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At my work I have it usually easy. I have visual media to represent strong emotions, but we can extrapolate.

First ask yourself what is the consequence of suppressed strong emotion for longer period time (That is individual - go by guts what you feel your character can handle).

For negative emotion it is often anxiety, stress and in extreme condition self-destructive behavior (punching the wall, window, biting lips). All three of these stages can be represented by action when exposed to a trigger of the suppressed emotion. Let's try example with your vampires.

Your hero lived 10 years after the incident with father in peace, he did not want include his innocent family into his private war. Then his son perhaps might wanna go as a vampire on Halloween and your hero explode in rage on his own son and gives him undeserved lecture about Vampires. - This could be example of suppressed emotion where he hurts even those he loves. He verbally perhaps even physically attacked his son for reminding him the pain

Positive emotions often have consequential symptoms similar to Bipolar Disorder. Your desire to share the news or the simple celebration is strong within you and current situation does not allow it or you are waiting for you loved ones to come. But they did not come and you become very depressed that you cannot share your happiness. Here depends in what phase the Hero is confronted, he might either act manic being hyperjoyed, unfocused, hyperactive or act depressed and hurt.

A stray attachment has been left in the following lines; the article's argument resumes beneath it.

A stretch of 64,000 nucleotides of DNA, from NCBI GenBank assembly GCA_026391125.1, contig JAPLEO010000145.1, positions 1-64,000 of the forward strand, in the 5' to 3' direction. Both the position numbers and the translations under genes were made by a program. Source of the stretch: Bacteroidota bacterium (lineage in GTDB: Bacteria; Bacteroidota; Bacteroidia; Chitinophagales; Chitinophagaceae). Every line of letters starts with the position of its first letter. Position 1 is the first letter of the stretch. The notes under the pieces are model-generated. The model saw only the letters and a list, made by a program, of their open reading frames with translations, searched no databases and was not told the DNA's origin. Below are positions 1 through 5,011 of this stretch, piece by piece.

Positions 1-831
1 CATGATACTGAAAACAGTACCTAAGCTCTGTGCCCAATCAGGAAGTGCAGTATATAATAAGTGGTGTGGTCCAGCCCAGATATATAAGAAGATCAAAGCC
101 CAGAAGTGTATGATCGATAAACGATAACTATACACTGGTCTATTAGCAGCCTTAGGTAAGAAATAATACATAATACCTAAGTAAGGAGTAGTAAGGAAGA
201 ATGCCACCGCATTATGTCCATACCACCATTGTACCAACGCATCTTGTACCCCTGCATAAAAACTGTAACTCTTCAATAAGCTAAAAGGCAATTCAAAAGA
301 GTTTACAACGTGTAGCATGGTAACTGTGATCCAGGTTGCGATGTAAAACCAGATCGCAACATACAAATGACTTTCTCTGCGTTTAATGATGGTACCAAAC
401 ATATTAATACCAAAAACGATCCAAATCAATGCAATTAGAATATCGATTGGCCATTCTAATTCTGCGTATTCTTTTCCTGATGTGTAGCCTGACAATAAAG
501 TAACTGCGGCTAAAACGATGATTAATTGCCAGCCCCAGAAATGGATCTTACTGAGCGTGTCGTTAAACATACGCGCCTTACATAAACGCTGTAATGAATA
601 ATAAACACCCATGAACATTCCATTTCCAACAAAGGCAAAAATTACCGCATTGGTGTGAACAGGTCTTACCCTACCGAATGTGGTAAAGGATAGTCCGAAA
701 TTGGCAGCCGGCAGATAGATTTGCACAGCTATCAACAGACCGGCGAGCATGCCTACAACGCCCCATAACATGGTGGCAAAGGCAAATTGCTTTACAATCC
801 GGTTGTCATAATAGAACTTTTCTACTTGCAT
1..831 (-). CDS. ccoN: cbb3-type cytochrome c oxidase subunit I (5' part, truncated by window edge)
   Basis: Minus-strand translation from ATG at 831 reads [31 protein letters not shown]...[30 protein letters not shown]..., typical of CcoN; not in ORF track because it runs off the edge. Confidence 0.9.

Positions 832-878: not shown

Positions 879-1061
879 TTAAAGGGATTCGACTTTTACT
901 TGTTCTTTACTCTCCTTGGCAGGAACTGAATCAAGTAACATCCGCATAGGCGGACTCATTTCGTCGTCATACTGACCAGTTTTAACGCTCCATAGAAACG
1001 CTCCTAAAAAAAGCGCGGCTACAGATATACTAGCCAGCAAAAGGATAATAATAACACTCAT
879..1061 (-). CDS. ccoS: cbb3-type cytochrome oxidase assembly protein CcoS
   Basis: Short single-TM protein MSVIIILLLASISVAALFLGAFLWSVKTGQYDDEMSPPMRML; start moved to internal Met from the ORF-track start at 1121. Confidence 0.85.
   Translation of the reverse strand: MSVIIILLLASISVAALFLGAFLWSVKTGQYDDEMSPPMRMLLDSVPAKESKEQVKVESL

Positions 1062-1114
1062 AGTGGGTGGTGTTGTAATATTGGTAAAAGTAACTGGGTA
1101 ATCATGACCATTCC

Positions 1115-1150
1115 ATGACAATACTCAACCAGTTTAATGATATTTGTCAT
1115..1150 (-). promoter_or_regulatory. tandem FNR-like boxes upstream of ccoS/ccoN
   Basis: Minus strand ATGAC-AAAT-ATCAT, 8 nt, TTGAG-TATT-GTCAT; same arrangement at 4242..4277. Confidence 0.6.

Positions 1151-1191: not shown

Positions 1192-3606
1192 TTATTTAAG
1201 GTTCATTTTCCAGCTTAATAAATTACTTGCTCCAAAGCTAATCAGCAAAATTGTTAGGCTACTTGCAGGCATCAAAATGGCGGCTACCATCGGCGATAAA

Example of bad mood-swing would be: Your Hero successfully eliminated another vampire. He comes home and his wife is angry at him for coming late again. He explode on her with unrelated blame because she does not realize what he does for her, keeping her alive. And he cannot tell her, it is his war. For her, he is just a looser husband. - he instantaneously mood-swing to depression because he cannot share his success, sharing success is what made social media addictive success. People need that

Example of good mood-swing would be: Your Hero successfully eliminated another vampire. He comes home and his wife is angry at him for coming late again. Instead of snapping at her, he tells her "We can finally go to nice dinner at night, I spiked Andreas, straight through the hearth! You know what..." he start throwing money from his pocket, the blood money, "we go right now, we go to Ramseys, no! We fly to Ramsey's at London and have that Fish and Chips we always dreamed off!" - here you I would think that he just get rid of some vampire, but there are more. Andreas was pain in his but for a long time and he is manic about his death, feeling invincible, doing decisions like flying right now 6000 miles to London to have Fish and Chips.